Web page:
“Eventually, Armand led them back there, and stood transfixed in front of the statue. “The Burghers of Calais,” Stephen had said, his voice hushed, soothing. “In the Hundred Years’ War, the English King, Edward, laid siege to the French port of Calais.”
He looked at Armand to see if he was listening, but there was no indication either way. (All the Devils Are Here, page 5)
Auguste Rodin’s Burghers is made of bronze, measures over six feet in height, length, and width, and was constructed between 1884 and 1889. In Louise’s novel, a young Armand and Stephen Horowitz stand in front of the 1926 cast of the statue that stands in the gardens of the Musée Rodin in Paris. The original cast sits in Calais.
Rodin’s work depicts the imminent destruction of Calais by the English forces during the 100 Year War. As Stephen describes to Gamache, “Just as complete catastrophe threatened, King Edward did something no one expected. He decided to have mercy on the people of Calais. But he asked one thing. He’d spare the town if the six most prominent citizens would surrender. He didn’t say it exactly, but everyone knew they’d be executed. As a warning to anyone else who might oppose him. They’d die so that the rest could live.”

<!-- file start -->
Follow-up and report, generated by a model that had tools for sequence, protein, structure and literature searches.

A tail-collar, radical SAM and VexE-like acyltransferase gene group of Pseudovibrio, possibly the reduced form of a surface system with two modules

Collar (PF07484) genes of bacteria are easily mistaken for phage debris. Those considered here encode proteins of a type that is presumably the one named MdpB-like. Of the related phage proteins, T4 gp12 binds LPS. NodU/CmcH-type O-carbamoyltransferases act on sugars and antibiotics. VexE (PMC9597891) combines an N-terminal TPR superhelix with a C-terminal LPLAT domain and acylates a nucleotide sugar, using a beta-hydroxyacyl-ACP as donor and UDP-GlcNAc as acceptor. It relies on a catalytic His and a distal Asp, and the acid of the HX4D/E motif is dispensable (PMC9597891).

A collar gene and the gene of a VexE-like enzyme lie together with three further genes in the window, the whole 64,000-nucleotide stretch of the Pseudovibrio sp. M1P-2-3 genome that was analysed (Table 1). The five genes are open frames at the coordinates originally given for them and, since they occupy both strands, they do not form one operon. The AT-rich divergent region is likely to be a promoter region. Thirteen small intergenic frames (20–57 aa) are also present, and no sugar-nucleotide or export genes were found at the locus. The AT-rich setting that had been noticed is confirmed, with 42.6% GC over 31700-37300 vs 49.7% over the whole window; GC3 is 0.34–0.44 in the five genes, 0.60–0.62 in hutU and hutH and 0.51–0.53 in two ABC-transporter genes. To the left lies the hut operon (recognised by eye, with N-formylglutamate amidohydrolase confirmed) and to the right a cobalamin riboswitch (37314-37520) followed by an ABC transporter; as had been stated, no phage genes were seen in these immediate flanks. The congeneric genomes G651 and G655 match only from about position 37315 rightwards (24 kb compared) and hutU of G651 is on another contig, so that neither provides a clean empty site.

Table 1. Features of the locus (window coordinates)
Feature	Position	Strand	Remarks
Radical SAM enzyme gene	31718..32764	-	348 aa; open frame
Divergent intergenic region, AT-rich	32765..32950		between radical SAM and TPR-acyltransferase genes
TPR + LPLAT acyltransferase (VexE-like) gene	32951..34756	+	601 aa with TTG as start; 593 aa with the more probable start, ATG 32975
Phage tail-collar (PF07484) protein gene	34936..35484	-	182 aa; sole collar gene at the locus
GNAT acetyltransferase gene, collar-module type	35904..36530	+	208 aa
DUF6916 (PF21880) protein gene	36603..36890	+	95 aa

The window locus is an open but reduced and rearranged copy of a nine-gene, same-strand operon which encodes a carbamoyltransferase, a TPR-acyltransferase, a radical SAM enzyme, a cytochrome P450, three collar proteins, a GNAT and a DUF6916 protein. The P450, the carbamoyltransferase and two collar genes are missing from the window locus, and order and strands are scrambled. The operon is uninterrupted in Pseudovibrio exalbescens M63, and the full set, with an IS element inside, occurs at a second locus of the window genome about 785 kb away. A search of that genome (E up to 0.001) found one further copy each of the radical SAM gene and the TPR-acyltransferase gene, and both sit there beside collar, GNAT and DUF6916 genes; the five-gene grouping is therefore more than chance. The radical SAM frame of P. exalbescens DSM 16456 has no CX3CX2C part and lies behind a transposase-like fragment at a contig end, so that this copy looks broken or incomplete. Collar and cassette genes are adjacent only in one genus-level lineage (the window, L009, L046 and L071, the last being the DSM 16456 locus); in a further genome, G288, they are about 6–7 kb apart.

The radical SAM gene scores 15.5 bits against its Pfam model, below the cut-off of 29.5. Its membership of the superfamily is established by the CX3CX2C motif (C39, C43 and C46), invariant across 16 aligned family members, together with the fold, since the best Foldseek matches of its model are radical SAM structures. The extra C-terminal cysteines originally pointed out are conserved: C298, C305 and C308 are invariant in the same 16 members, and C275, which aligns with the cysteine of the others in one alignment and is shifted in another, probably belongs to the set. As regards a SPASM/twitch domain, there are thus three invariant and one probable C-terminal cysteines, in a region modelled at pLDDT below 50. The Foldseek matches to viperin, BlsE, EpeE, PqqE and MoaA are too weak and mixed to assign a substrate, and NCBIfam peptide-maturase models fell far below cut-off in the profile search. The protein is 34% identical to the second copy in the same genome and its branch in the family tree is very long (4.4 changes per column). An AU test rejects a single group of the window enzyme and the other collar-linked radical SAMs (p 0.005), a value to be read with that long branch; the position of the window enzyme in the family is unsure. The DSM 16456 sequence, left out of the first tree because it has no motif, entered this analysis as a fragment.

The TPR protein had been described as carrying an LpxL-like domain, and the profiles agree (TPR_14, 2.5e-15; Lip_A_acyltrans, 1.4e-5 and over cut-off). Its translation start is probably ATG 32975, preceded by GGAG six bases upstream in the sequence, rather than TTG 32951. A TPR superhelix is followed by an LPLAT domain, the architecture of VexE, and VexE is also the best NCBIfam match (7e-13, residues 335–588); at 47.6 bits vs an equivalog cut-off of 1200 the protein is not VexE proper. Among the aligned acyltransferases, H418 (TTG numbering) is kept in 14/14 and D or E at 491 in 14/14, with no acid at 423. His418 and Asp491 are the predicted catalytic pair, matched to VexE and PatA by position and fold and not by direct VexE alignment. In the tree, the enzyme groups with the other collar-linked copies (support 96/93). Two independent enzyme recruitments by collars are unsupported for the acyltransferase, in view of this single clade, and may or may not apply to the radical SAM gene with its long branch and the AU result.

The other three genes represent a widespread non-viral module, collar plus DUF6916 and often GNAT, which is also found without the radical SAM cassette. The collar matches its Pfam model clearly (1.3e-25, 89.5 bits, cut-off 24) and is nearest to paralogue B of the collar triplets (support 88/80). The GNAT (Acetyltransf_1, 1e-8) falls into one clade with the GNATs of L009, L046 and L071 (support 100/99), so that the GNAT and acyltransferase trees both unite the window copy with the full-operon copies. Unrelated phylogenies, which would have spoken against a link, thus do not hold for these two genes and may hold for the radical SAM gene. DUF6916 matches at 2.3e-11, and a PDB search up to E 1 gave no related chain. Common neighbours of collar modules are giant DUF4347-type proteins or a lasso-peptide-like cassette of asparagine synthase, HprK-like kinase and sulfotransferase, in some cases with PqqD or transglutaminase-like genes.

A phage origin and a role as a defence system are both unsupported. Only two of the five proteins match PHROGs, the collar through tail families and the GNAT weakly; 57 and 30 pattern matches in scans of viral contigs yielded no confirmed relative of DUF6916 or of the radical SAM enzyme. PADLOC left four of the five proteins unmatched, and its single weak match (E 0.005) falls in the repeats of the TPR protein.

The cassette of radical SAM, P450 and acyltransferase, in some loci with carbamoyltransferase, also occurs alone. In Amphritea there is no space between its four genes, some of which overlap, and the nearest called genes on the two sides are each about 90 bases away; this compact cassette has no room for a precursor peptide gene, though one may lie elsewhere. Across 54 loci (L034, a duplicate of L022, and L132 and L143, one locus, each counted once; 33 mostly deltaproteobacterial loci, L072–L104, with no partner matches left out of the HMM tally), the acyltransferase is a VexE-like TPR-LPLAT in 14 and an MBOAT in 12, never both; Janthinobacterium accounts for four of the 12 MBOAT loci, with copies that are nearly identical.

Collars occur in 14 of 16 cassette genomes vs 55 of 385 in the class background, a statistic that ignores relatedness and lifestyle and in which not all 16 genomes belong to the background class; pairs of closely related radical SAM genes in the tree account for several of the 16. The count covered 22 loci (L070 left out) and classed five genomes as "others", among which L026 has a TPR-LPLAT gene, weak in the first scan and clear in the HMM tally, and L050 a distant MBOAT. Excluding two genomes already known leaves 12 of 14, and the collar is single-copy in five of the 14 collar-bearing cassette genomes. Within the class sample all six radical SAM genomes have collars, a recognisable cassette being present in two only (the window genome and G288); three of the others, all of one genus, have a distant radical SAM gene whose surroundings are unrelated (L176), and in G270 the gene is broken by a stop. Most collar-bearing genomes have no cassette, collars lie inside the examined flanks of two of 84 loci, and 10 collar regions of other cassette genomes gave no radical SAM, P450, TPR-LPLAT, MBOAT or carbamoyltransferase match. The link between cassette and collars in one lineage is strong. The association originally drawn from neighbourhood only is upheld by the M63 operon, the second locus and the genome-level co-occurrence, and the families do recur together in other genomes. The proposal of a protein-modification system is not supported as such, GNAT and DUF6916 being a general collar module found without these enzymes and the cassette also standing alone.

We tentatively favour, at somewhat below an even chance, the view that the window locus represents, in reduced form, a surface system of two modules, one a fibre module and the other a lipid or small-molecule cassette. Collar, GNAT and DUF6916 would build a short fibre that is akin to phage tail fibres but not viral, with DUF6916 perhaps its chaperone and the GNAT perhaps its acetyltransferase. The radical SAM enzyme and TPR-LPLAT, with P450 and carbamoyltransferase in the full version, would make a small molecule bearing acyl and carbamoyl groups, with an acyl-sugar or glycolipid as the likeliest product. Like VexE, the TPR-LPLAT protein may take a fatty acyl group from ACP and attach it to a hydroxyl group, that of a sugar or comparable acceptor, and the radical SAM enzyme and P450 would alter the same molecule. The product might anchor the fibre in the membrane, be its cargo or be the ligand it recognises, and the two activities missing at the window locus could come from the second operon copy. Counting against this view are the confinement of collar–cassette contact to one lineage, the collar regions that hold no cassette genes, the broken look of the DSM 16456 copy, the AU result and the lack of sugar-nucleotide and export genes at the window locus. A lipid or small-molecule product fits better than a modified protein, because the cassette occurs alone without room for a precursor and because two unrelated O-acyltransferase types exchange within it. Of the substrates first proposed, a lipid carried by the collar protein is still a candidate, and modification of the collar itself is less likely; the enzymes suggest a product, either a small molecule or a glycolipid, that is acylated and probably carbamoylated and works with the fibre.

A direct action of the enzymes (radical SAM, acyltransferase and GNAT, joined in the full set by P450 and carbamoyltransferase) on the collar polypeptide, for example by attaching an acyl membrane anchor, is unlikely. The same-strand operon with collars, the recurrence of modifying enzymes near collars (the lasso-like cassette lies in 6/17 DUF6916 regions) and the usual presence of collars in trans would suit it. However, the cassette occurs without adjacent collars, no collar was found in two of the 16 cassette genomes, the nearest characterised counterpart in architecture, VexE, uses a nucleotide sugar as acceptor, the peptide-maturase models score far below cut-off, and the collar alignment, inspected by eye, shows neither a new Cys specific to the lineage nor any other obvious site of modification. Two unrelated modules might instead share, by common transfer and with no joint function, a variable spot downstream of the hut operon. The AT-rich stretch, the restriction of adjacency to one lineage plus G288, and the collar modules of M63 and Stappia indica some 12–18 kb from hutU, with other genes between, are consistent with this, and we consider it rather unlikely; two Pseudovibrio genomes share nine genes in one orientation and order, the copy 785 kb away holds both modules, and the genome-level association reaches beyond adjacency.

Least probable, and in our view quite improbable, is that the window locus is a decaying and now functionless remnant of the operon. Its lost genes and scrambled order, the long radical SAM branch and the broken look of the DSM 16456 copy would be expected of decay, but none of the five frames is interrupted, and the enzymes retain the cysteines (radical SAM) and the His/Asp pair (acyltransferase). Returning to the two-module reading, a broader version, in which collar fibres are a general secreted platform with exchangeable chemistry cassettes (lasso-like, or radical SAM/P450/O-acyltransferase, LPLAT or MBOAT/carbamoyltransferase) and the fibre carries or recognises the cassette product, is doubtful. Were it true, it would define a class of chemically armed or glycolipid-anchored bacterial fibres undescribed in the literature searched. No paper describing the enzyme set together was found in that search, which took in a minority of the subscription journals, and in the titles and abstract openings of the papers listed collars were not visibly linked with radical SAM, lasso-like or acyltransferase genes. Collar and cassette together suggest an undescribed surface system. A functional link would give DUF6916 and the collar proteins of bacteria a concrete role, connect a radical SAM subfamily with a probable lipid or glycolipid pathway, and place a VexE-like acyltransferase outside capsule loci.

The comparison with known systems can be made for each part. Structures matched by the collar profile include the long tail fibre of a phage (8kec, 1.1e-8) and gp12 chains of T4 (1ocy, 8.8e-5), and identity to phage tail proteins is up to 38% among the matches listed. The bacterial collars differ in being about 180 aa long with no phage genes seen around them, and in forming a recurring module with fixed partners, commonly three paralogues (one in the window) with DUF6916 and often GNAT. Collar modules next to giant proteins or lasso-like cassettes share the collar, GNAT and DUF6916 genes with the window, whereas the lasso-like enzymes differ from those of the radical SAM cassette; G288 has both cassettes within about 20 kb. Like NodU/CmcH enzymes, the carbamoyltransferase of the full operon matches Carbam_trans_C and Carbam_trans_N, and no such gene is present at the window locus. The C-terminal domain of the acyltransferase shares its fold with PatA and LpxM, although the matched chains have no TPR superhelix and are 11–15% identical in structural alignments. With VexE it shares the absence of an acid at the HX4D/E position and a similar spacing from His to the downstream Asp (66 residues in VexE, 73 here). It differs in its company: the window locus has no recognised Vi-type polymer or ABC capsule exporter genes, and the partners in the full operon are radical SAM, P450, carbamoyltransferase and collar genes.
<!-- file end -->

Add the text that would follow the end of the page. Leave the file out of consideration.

But, in a complete twist of fate, the English spared the Burghers in the end!
What actually happened that fateful day in 1346 is up for conjecture but clearly it’s the selflessness of the act that Louise is illustrating here and putting forth not one, but two questions to all of us:
Would you give up your life for your family?
Would you give up your life for total strangers?